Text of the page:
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In the summer of 2011, I decided that I wanted to start writing. Actually, writing has been on the back burner since my children were placed in special education in 1991-1992. It has been my secret dream. Well, not so secret. My husband has known since before we were married. My parents and siblings have been aware of my dream of being a writer ever since I was a young child.

Even though I didn’t pursue writing when my children were young, I did keep journals. My journals were a way keeping the dream alive, while also serving a therapeutic function. They were not great literature by any measure. Many of the entries are mundane: Christmas lists, budgets, devotions, how I spent too much money, how a car repair delayed buying winter boots, etc. More importantly, over half of the content is about our journey with our kids: descriptions of of their developmental differences, diagnoses, therapies, emotional struggles, conflict regarding their educational services, IEPC meetings, turmoil regarding medication, etc.

Most of this blog has been written either about current events in our children’s transition to adulthood, or looking back from the perspective of accomplishing much of our long term goal of independence. These journals looked forward to a future that I hoped for, struggled toward, and could not have imagined.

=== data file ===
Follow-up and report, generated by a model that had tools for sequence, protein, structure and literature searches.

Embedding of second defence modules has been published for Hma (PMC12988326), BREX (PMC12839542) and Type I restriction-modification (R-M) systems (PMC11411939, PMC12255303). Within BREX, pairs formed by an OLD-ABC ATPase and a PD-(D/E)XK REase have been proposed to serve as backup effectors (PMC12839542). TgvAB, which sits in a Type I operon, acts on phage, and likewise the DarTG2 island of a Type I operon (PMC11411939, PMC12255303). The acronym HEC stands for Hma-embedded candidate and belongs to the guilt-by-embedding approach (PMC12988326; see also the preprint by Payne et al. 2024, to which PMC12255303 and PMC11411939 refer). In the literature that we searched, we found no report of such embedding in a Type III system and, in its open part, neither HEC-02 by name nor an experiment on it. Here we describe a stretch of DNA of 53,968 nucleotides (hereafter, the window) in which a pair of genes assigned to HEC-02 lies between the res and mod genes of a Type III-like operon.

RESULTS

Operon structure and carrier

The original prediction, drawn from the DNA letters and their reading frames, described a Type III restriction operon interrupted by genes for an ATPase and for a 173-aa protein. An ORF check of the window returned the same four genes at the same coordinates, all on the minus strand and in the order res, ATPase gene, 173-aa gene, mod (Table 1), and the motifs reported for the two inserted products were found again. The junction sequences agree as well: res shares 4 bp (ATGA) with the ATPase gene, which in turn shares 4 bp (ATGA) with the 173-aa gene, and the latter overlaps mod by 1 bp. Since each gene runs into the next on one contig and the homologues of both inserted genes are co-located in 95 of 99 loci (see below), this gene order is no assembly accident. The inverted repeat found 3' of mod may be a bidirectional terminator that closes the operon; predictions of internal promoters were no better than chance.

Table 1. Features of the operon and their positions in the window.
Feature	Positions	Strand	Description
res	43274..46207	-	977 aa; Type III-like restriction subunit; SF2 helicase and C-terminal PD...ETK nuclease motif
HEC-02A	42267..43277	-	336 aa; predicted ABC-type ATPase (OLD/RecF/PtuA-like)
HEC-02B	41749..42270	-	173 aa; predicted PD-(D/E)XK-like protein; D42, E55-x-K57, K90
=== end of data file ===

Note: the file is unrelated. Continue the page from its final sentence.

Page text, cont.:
When my kids began to be able to read, my journal writing tapered off. I didn’t want them to read about themselves and be embarrassed. So I took the journals upstairs and put them all together in a box. I hid them away. I have thumbed through them briefly a few times in the last 12-15 years.

Tonight I finally brought the large box of my journals downstairs and put it next to my computer desk. I am ready to look to the time when I was looking forward.

I am ready to read the real time descriptions of our struggles. I remember that Mary’s language development didn’t fit the typical progression, even for children with delayed language development. I remember bits and pieces regarding her language development. But I also know that I wrote down language samples (an influence of my linguistics training in college)

I expect that this will be an emotional process as I relive the past. However, the accomplishments of today are due to a myriad of small steps and repetitive successes. The story of transition would not be complete without a description of how we got here.